Finerenone in Reducing Kidney Failure and Disease Progression in Diabetic Kidney Disease (FIDELIO-DKD) trial

Last edited 05/2021 and last reviewed 03/2022

Finerenone in Reducing Kidney Failure and Disease Progression in Diabetic Kidney Disease (FIDELIO-DKD) trial (1)

Aldosterone binds to the mineralocorticoid receptor (MR), leading to sodium absorption and potassium excretion, thereby controlling fluid and electrolyte status as well as blood pressure (2,3)

  • the dihydropyridine finerenone is a nonsteroidal, selective antagonist of the MR has:
    • showed in preclinical models, more potent anti-inflammatory and antifibrotic effects than steroidal MRAs (4)
    • in patients with T2DM and CKD treated with finerenone
      • reduced albumin-to-creatinine ratio compared to those treated with a RAS blocker and smaller effects on serum potassium levels compared to those treated with spironolactone (5)

The phase 3 Finerenone in Reducing Kidney Failure and Disease Progression in Diabetic Kidney Disease (FIDELIO-DKD) trial was a double-blind, placebo-controlled, randomized (1:1), multicenter trial. Patients (n=5674, >=18 years) diagnosed with type 2 diabetes and CKD receiving an ACE-inhibitor or ARB medication at maximum tolerable dose were included in the study and randomized to finerenone or placebo

  • assessed the long-term efficacy and safety of finerenone on kidney and CV oucomes in patients with advanced CKD and T2DM (1)
  • primary outcome was a composite of kidney failure defined as end-stage kidney disease (dialysis >=90 days or kidney transplantation) or an eGFR <15mL/min/1.73m², sustained decrease of >=40% of eGFR in >=4 weeks, or renal death
  • secondary CV outcome was a composite of CV death, non-fatal MI, non-fatal stroke, or HF hospitalization. Other secondary outcomes were all-cause death, change in UACR from baseline to 4 months and a composite of kidney failure, sustained decrease of >=57% of eGFR from baseline for a minimum of 4 weeks or renal death. Median follow-up was 2.6 years
  • study results:
    • incidence of the primary outcome was significantly lower in patients receiving finerenone (17.8%) compared to patients in the placebo group (21.1%). This resulted in an HR of 0.82 (95% CI:0.73-0.93, P=0.001).
    • The number of patients needed to treat (NNT) with finerenone to prevent one primary outcome event was 29 (95% CI: 16-166).
    • Patients treated with finerenone had a 13% lower risk of the composite of CV death, non-fatal MI, nonfatal stroke, or hospitalization due to HF compared to 14.5% of patients receiving placebo (HR 0.86, 95% CI:0.75-0.99, P=0.03).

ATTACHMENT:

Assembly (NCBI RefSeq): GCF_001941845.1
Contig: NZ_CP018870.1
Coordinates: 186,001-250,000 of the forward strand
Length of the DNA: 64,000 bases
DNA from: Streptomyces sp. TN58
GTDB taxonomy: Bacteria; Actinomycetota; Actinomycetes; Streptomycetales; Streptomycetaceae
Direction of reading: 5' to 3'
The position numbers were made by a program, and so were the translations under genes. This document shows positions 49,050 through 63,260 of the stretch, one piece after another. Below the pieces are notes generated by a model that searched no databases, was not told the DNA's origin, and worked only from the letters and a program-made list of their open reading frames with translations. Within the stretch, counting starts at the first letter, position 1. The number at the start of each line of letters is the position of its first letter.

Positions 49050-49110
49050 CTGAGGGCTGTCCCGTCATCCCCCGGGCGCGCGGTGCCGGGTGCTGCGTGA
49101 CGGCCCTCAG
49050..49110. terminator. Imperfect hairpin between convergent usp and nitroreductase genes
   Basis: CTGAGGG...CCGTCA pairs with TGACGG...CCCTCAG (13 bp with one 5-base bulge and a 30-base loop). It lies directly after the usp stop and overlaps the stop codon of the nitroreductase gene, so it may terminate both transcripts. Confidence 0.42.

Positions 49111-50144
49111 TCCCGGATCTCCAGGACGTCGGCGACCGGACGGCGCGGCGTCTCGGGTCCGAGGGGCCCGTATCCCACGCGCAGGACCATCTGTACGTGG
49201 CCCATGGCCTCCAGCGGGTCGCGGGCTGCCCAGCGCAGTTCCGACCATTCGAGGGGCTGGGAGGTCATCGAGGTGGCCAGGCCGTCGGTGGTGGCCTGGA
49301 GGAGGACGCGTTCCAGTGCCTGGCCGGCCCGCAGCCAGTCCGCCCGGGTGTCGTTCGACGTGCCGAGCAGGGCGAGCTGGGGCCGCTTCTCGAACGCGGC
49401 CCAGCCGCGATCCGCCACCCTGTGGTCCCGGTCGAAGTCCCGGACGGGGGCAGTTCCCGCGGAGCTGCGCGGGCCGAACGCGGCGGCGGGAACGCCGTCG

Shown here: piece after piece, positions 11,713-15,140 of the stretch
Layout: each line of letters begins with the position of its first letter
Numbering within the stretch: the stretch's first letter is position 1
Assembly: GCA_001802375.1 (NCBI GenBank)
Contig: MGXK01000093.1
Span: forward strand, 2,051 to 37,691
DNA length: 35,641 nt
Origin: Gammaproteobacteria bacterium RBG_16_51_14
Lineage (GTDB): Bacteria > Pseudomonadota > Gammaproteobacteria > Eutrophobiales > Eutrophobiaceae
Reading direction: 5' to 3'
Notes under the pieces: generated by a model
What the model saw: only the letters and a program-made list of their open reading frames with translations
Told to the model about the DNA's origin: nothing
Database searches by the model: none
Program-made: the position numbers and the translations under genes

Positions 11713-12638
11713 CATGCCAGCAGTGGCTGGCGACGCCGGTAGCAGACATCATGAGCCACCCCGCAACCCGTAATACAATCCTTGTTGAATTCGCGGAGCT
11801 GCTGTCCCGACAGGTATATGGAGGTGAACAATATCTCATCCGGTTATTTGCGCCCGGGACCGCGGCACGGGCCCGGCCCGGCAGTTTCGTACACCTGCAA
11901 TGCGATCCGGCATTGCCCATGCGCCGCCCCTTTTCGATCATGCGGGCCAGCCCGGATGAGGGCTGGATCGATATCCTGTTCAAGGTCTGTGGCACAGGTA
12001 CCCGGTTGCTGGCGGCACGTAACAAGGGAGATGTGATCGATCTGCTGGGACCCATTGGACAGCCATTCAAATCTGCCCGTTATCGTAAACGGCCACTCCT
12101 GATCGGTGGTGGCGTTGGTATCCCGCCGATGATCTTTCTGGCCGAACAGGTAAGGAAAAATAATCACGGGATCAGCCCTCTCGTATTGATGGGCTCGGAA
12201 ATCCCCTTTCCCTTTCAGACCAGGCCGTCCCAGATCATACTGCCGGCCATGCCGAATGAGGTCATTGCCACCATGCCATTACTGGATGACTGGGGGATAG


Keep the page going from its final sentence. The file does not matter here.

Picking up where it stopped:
• The NNT with finerenone was 42 (95% CI: 22-397) for the secondary CV composite outcome. All-cause death was not different between the finerenone and placebo groups.
    • serious adverse events were well balanced between the two groups (31.9% in the finerenone group vs. 34.3% in the placebo group)
  • study authors concluded that patients with T2DM and CKD, who received finerenone had a significant lower risk of a primary kidney event compared to patients treated with placebo
    • also a composite of CV events was reduced by finerenone in these patients when compared to placebo

Finerenone And New Onset Of Atrial Fibrillation Or Flutter In Patients With Chronic Kidney Disease And Type 2 Diabetes

  • subanalysis of the FIDELIO-DKD trial, treatment with finerenone in optimally treated patients with T2DM and CKD resulted in a reduction of new-onset atrial fibrillation or flutter compared to placebo (7)
    • risk of kidney or cardiovascular events was reduced irrespective of history of atrial fibrillation or flutter at baseline

Reference:

  • Bakris GL, Agarwal R, Anker SD, et al.Effect of Finerenone on Chronic Kidney Disease Outcomes in Type 2 Diabetes. N Eng J Med, 2020, DOI: 10.1056/NEJMoa2025845
  • Barrera-Chimal J, Girerd S, Jaisser F.Kidney, et al. Mineralocorticoid receptor antagonists and kidney diseases: pathophysiological basis. 2019;96:302-319.
  • Currie G, Taylor AHM, Fujita T, et al. Effect of mineralocorticoid receptor antagonists on proteinuria and progression of chronic kidney disease: a systematic review and meta-analysis. BMC Nephrol 2016; 17: 127.
  • Grune J, Beyhoff N, Smeir E, et al. Selective mineralocorticoid receptor cofactor modulation as molecular basis for finerenone’s antifibrotic activity. Hypertension 2018; 71:599-608.
  • Bakris GL, Agarwal R, Chan JC, et al. Effect of finerenone on albuminuria in patients with diabetic nephropathy: a randomized clinical trial. JAMA 2015; 314:884-94.
  • Pitt B, Kober L, Ponikowski P, et al. Safety and tolerability of the novel nonsteroidal mineralocorticoid receptor antagonist BAY 94-8862 in patients with chronic heart failure and mild or moderate chronic kidney disease: a randomized, double-blind trial. Eur Heart J 2013; 34:2453-63
  • Filippatos G, Bakris GL, Pitt B, Agarwal R, Rossing P, Ruilope LM, Butler J, Lam CSP, Kolkhof P, Roberts L, Tasto C, Joseph A, Anker SD; FIDELIO-DKD Investigators. Finerenone Reduces Onset of Atrial Fibrillation in Patients with Chronic Kidney Disease and Type 2 Diabetes. J Am Coll Cardiol. 2021 May 4:S0735-1097(21)04966-4